It is obvious that the right to indemnity may be abused by trustees and estate trustees, especially if they take costs and expenses out of the trust fund or estate assets before they are permitted by the beneficiaries or authorized by the court to do so. But even if they pay these initially themselves, they may be refused indemnity subsequently by the courts or be required to repay the trust or estate. The principle set out above and codified in the statutes also recognizes this possibility. The expenses and costs must have been reasonably or properly incurred. If they were not, the trustee or estate trustee is not entitled to be indemnified for them.
This issue normally arises when the trustees or estate trustees apply to pass their accounts or when they are forced to do so by the beneficiaries. However, it may also arise on an application for advice and directions. The onus is on the estate trustee to prove that the expenses were proper.
In light of all this, the court found Ms. Thomas’ position “somewhat curious”. The court noted that on the evidence presented, it could not determine whether the expenses claimed by her were reasonably and properly incurred in the administration of the estate. The onus was on Ms. Thomas to prove their reasonableness and propriety and she failed to discharge the onus.
The court concluded that it was inappropriate to make that determination on the application. Rather, it should be addressed on a passing of accounts when all the evidence is made available to the court and the other parties. Moreover, although Ms. Thomas offered to provide sealed unredacted copies of the invoices for the past expenses, it would be impossible for the court to determine whether the expenses were reasonable at this point and, even if that were possible, it would be inappropriate to do so without input from the other parties.
Accordingly, the court dismissed the application, while subtly reminding Ms. Thomas that if she chooses to pay the expenses from the estate before a passing of accounts, she runs the risk of having to repay the amount taken if found to be unreasonable or improper.
So the decision is unexceptional and, with respect, is correct. The application was without foundation or justification in light of existing case law and statutory provisions.
However, I do have a concern about the estate action itself. The facts suggest that excessive legal expenses have been incurred and that raises the question how this matter got to this stage with seeming impunity. Because of the animosity between the various parties the beneficiaries would undoubtedly have refused to give their consent the Trustees’ legal expenses. But should the beneficiaries not have sought a passing of accounts before now and applied for an order for repayment of unreasonable expenses? The recent case, Craven v. Osidacz, clearly demonstrates that the court will deny indemnity to and order repayment of unreasonable legal expenses incurred by the estate trustee.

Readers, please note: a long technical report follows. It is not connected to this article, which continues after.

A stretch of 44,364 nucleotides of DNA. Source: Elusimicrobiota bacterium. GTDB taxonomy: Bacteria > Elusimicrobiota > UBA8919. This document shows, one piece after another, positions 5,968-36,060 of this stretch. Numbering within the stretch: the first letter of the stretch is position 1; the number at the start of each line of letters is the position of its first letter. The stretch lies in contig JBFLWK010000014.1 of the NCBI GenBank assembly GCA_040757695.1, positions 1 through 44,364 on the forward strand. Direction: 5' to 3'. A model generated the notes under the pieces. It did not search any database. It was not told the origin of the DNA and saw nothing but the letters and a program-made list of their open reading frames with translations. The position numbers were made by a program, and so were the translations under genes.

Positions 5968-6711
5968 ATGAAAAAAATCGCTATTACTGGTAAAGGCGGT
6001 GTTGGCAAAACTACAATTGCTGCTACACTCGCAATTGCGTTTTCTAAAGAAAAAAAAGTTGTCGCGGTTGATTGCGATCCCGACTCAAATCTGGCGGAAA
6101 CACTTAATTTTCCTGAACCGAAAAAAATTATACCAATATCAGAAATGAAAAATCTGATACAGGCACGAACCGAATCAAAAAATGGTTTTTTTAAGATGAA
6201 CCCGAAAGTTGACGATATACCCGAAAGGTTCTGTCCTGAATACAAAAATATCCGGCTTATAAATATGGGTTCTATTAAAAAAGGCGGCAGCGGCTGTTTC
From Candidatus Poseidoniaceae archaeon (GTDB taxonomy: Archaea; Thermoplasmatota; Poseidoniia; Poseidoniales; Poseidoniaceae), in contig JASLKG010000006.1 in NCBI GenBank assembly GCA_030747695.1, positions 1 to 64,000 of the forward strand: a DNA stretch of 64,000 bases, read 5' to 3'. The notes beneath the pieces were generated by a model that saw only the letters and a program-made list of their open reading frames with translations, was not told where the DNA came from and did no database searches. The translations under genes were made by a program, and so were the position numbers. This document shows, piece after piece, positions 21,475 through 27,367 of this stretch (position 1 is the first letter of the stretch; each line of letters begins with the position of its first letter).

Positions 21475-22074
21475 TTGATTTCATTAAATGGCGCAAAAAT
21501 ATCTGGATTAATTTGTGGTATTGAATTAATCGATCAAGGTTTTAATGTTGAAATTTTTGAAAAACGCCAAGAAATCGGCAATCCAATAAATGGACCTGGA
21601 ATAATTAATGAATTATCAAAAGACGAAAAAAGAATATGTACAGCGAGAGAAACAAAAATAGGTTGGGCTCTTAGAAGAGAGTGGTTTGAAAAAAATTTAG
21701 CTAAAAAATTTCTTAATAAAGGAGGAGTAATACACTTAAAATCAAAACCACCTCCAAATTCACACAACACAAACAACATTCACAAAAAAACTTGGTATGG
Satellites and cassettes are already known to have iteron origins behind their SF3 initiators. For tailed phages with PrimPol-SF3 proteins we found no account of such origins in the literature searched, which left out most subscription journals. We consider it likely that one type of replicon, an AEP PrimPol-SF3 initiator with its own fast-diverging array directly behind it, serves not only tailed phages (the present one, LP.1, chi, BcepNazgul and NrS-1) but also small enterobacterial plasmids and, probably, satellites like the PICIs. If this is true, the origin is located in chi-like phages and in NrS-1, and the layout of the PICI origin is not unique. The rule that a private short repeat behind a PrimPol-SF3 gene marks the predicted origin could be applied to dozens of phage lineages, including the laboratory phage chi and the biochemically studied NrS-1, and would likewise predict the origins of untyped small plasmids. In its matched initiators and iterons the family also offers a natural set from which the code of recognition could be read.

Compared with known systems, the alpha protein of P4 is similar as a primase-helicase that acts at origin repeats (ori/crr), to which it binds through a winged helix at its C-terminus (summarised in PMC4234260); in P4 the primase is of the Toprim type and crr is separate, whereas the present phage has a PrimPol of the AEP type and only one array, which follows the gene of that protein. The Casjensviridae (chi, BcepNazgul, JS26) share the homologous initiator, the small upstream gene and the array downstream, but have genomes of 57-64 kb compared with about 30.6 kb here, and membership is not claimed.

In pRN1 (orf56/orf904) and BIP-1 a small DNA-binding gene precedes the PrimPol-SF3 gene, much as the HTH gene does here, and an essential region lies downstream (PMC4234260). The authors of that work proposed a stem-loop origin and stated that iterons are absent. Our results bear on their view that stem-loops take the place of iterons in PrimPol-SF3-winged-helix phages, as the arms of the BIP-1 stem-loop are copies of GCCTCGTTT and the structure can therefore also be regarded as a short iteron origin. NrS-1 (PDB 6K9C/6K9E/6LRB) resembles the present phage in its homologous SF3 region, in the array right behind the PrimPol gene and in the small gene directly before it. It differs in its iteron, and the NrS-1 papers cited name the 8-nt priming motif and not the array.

In addition, this surely was a case in which the estate trustees ought to have sought the court’s directions before incurring the excessive legal expenses. I suggested in my article that estate trustees are well advised to do so if unsure of the reasonableness of proposed expenses. If they fail to do so, they run the risk of having the court disallow the expenses and ordering their repayment. Lofchik J. also pointed out in Craven that if the trustees are concerned about whether particular legal or other expenses would be reasonable or meritorious, they should apply to the court for directions, citing Bank of Nova Scotia Trust v. Pressman for that proposition.
The case also serves as a warning to testators and their advisors to select their executors with great care and to ensure that they will be able to work together. While the provision that allowed the executors to act by simple majority is not wrong and, indeed, is often advisable to prevent a stalemate. The insertion of such a provision must be considered carefully after ensuring that the executors will be able to get along. By the same token, clauses 7(p) and 8 of the will, reproduced above, may have been unwise in the circumstances.
Finally, although the point was not raised because not relevant on this application, the suggestion that some of the Trustees employed counsel in proceedings on their own behalf raises another issue. The law is clear that if an estate trustee has acted for his own benefit, he will not be entitled to indemnity. On the other hand, an estate trustee is not disentitled from indemnification if the litigation was brought reasonably and was for the benefit of the estate, even though he benefited also in the result.